Conley further noted that Gerdau had not complied with several key OSHA regulations, one of which required Hughes to ascertain the status of Harrison and Lanier and notify them before releasing the counterweights “The purpose, the reason for the OSHA regulation that says notify people … ascertain people is because it’s foreseeable people will not always be where you want them to be. It’s a reality. That’s why they have these regulations.”
In his opening statement, Gerdau’s attorney Warner Fox, while agreeing that the accident was a tragedy, placed the responsibility for it on Harrison and Lanier. “Mr. Michael Harrison, the lead man, and … Mr. Eddie Lanier, the apprentice, that they failed that day … to exercise personal responsibility for their own safety. And unfortunately, that resulted in Mr. Lanier getting killed that day out at the mill. It’s really a very simple case as we move through it. And that is we had rules and procedures and policies in place at Gerdau that were designed to prevent exactly what happened. And there’s not going to be any dispute about the fact that Michael Harrison and Eddie Lanier knew those rules and knew them well.”
Fox noted that Harrison and Lanier had been at the mill several days previously, and they knew the lockout procedure quite well. If they had followed the same procedure that day, the accident would not have happened. He also pointed out that both Harrison and Lanier had done work at Gerdau on numerous previous occasions because Action often did work for Gerdau. Fox stated that Gerdau had certain “cardinal” safety rules, the most important of which was that workers were not supposed to go down into the cooling bed area until the lockout procedure was completed. Fox agreed that the counterweights were dangerous, but noted that once lockout/tagout was completed, the weights could no longer move. “[The lockout rule is] incredibly important to Gerdau because it protects not only the Gerdau employees but it protects the contractors. And they both understood that. There were no excuses; there were no exceptions.”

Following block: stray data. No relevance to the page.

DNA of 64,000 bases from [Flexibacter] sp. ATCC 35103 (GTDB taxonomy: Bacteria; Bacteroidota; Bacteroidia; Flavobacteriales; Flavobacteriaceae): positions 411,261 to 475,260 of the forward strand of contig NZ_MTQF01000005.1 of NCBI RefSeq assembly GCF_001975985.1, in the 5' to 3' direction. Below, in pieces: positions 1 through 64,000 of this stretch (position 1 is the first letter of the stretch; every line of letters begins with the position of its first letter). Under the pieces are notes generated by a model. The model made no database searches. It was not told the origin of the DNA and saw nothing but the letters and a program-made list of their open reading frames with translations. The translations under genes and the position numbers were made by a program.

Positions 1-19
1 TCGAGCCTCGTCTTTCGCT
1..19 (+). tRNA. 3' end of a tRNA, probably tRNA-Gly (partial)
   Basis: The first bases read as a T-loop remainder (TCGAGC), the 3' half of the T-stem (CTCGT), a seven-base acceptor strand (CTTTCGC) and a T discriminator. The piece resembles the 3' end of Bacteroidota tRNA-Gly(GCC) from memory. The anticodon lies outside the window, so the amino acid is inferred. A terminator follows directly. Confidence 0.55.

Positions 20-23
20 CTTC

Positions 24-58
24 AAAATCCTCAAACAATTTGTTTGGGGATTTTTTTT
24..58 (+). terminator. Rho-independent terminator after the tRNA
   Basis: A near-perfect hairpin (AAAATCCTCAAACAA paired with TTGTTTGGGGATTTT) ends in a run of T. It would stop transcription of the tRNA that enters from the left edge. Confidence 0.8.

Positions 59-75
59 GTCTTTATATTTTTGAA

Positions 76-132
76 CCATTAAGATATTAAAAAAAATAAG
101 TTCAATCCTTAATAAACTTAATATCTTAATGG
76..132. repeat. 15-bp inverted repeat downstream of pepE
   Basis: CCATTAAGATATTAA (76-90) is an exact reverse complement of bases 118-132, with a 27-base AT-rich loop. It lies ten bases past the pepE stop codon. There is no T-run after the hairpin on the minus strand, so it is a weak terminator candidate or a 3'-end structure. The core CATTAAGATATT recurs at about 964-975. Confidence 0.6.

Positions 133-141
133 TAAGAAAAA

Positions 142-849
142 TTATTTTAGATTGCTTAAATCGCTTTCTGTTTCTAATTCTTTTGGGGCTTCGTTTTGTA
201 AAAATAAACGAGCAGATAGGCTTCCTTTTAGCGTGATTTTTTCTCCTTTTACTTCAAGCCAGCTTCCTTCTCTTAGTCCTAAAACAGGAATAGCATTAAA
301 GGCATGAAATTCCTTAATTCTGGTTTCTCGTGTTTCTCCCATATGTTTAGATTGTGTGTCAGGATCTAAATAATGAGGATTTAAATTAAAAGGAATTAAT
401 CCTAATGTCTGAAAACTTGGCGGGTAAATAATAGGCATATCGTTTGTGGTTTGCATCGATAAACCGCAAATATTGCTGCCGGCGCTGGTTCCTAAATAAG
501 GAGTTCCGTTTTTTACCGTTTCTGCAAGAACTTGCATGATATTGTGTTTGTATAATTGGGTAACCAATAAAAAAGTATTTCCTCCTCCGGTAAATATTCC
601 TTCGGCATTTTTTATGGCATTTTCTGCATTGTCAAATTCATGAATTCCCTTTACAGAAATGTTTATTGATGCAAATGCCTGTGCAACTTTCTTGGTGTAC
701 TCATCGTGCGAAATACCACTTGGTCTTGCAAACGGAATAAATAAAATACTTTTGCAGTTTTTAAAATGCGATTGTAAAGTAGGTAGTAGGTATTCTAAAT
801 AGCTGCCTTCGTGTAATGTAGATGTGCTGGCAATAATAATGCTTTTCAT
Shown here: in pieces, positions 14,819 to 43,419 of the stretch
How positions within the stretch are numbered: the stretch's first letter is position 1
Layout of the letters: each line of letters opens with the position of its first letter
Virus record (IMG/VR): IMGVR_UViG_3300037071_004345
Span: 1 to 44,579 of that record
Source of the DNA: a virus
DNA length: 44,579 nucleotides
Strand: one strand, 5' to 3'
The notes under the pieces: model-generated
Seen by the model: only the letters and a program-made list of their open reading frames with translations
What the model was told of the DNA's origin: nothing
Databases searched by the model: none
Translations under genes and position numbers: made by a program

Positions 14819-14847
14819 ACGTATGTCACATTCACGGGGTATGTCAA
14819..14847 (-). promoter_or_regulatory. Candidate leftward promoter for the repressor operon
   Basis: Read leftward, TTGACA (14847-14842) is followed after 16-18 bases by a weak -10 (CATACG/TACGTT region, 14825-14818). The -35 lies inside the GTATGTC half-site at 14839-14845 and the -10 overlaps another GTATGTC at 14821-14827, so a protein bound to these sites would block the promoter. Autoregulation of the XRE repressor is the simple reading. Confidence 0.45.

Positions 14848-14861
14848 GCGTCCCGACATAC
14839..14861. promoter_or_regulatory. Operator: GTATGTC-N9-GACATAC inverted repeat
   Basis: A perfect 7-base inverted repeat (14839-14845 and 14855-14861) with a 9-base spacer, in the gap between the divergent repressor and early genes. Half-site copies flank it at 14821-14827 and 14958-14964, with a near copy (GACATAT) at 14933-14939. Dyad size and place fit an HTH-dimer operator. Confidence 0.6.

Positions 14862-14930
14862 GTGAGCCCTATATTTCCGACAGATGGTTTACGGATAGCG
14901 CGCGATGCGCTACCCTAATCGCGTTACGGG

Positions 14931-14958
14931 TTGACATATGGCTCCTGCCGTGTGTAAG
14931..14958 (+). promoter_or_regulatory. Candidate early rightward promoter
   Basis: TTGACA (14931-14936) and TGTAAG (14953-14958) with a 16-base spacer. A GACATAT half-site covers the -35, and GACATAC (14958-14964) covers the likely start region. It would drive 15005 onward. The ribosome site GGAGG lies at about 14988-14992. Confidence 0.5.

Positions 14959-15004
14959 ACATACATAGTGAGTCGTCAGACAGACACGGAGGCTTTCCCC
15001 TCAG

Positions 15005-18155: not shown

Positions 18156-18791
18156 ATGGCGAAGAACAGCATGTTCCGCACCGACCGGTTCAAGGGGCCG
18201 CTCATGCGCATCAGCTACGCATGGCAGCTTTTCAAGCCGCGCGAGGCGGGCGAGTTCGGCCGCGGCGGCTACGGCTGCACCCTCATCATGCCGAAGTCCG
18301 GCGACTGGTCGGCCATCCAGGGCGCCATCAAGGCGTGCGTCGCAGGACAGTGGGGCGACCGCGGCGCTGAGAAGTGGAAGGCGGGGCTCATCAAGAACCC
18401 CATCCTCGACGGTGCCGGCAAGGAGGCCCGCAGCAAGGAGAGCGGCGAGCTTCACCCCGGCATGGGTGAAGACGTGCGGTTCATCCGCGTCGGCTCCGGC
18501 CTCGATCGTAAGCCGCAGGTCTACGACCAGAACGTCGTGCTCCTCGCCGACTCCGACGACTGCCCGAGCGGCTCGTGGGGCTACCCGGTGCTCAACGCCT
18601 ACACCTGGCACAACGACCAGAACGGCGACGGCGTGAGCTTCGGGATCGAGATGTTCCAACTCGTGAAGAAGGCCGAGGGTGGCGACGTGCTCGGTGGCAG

Fox also explained that the lockout procedure was a multi-step process and it was not feasible for Hughes to verify the locations of contractors every step of the way. Instead, Hughes informed Harrison that he was starting the lockout process and that, therefore, Harrison should not have gone into the cooling bed area, something he had never done previously, until the process was complete.
After six days of testimony, the jury returned a plaintiff’s verdict in the amount of $3.75 million for the full value of Lanier’s life and $1 million for pain and suffering, for a total of $4.75 million. They also assigned 75% of the responsibility for the accident to Gerdau, 20% to Action Electric and Harrison, and 5% to Lanier, which will result, under Georgia law, in a reduction of the final judgment.
After the trial, plaintiff's attorney Cale Conley told CVN: "Nothing will replace Eddie Lanier and everything he meant to his family and friends, but the family is grateful the jury reached a verdict that recognized Gerdau’s fault for Eddie’s death and the valuable life that was lost as a result." Representatives of the defense were unavailable for comment prior to the publication of this article. Steve Silver can be reached at firstname.lastname@example.org.
Attorneys involved in the case include Cale Conley, Richard Griggs, and Alyssa Baskam of Atlanta's Conley, Griggs & Partin, and David Flint of Atlanta's Schreeder, Wheeler & Flint for plaintiffs and Warner Fox of Atlanta's Hawkins, Parnell, Thackston & Young for Gerdau Ameristeel.